A formula has been developed by a senior lecturer in mathematics at England’s University of Southhampton to determine and process “the ethical and aesthetic implications of any one instance of the pervasive blurring of the lines between rock and advertising. The formula kicks out a number that could be used to determine just how much of a sellout is a particular artist.” It’s called the Moby Quotient, of course, and it has been assigned the Greek letter “mu.” Yes, it is whole-heartedly taking the piss, but, if you’re one to dabble in degrees of selling out, it can be rather handy.
“The equation is designed to put things in perspective. If Kelly Clarkson sings for Ford, where, in the end, is the harm? Negligible artists singing on subjects that can be of less-than-pressing social import advertising silly products. One does not look to Disney pop culture puppets or artists given an imprimatur by the viewers of a Fox TV show for artistic integrity. Ms. Clarkson can sing for her supper anywhere she wants, and the world sits solidly on its foundations.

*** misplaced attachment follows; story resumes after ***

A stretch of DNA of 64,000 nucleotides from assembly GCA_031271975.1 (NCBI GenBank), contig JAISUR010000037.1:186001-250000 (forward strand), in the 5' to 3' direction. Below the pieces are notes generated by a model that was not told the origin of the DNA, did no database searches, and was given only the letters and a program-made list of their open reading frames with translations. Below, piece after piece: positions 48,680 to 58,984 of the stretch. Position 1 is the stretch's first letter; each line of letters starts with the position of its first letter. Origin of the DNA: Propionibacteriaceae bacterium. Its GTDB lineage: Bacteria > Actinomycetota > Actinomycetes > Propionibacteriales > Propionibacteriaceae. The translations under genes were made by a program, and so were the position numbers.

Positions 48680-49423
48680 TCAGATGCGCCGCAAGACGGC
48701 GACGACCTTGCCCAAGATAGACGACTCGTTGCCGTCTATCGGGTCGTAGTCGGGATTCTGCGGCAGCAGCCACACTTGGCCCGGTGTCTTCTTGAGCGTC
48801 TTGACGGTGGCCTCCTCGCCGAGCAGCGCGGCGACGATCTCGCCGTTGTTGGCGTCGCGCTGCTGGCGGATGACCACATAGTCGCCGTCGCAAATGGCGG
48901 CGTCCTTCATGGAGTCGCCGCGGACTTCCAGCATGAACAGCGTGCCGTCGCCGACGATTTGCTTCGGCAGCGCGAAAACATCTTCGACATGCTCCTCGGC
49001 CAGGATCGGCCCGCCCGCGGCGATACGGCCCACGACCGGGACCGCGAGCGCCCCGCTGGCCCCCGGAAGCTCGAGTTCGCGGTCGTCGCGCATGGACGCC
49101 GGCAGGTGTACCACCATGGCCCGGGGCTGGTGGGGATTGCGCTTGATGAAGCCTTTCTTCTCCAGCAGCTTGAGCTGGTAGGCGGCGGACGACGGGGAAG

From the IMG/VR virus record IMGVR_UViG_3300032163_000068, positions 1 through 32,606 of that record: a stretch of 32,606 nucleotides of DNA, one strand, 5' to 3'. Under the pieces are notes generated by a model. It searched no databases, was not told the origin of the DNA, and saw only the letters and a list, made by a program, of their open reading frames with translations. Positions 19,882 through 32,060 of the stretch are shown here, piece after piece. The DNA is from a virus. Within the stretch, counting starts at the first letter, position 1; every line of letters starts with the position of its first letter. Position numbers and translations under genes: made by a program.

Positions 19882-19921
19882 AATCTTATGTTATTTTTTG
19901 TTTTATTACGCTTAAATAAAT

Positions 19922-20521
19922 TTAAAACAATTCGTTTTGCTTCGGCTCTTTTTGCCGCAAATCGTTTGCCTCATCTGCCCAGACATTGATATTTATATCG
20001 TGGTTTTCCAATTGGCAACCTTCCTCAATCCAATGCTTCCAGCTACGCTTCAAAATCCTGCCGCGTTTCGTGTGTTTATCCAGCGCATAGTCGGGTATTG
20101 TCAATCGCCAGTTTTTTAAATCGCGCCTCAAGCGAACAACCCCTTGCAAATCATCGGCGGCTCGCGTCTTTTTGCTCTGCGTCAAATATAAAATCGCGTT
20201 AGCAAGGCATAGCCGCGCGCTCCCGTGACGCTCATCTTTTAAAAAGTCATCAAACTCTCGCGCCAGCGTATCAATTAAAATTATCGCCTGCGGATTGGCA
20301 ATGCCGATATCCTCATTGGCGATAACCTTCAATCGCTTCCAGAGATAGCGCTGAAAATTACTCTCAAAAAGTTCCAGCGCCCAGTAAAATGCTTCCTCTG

However. If you are an artist who traffics in — or has trafficked in — your outsider status; if you were a punk or a rebel or a beast whose rude yawp emerged from the underground and you are now hawking your anthems of defiance as ear candy to further the sales of a crummy telecom company, a new line of SUVs or the marvelous things General Electric is doing, well then, sir or madam artiste, expect your Moby Quotient to be somewhat higher.”
Moby is the perfect poster boy for a sellout formula because he licensed every single track off his album Play for commercial use. The author of the linked Post article duly notes that everything Moby has done since Play has been on a commercial and artistic “downward spiral.” Coincidence?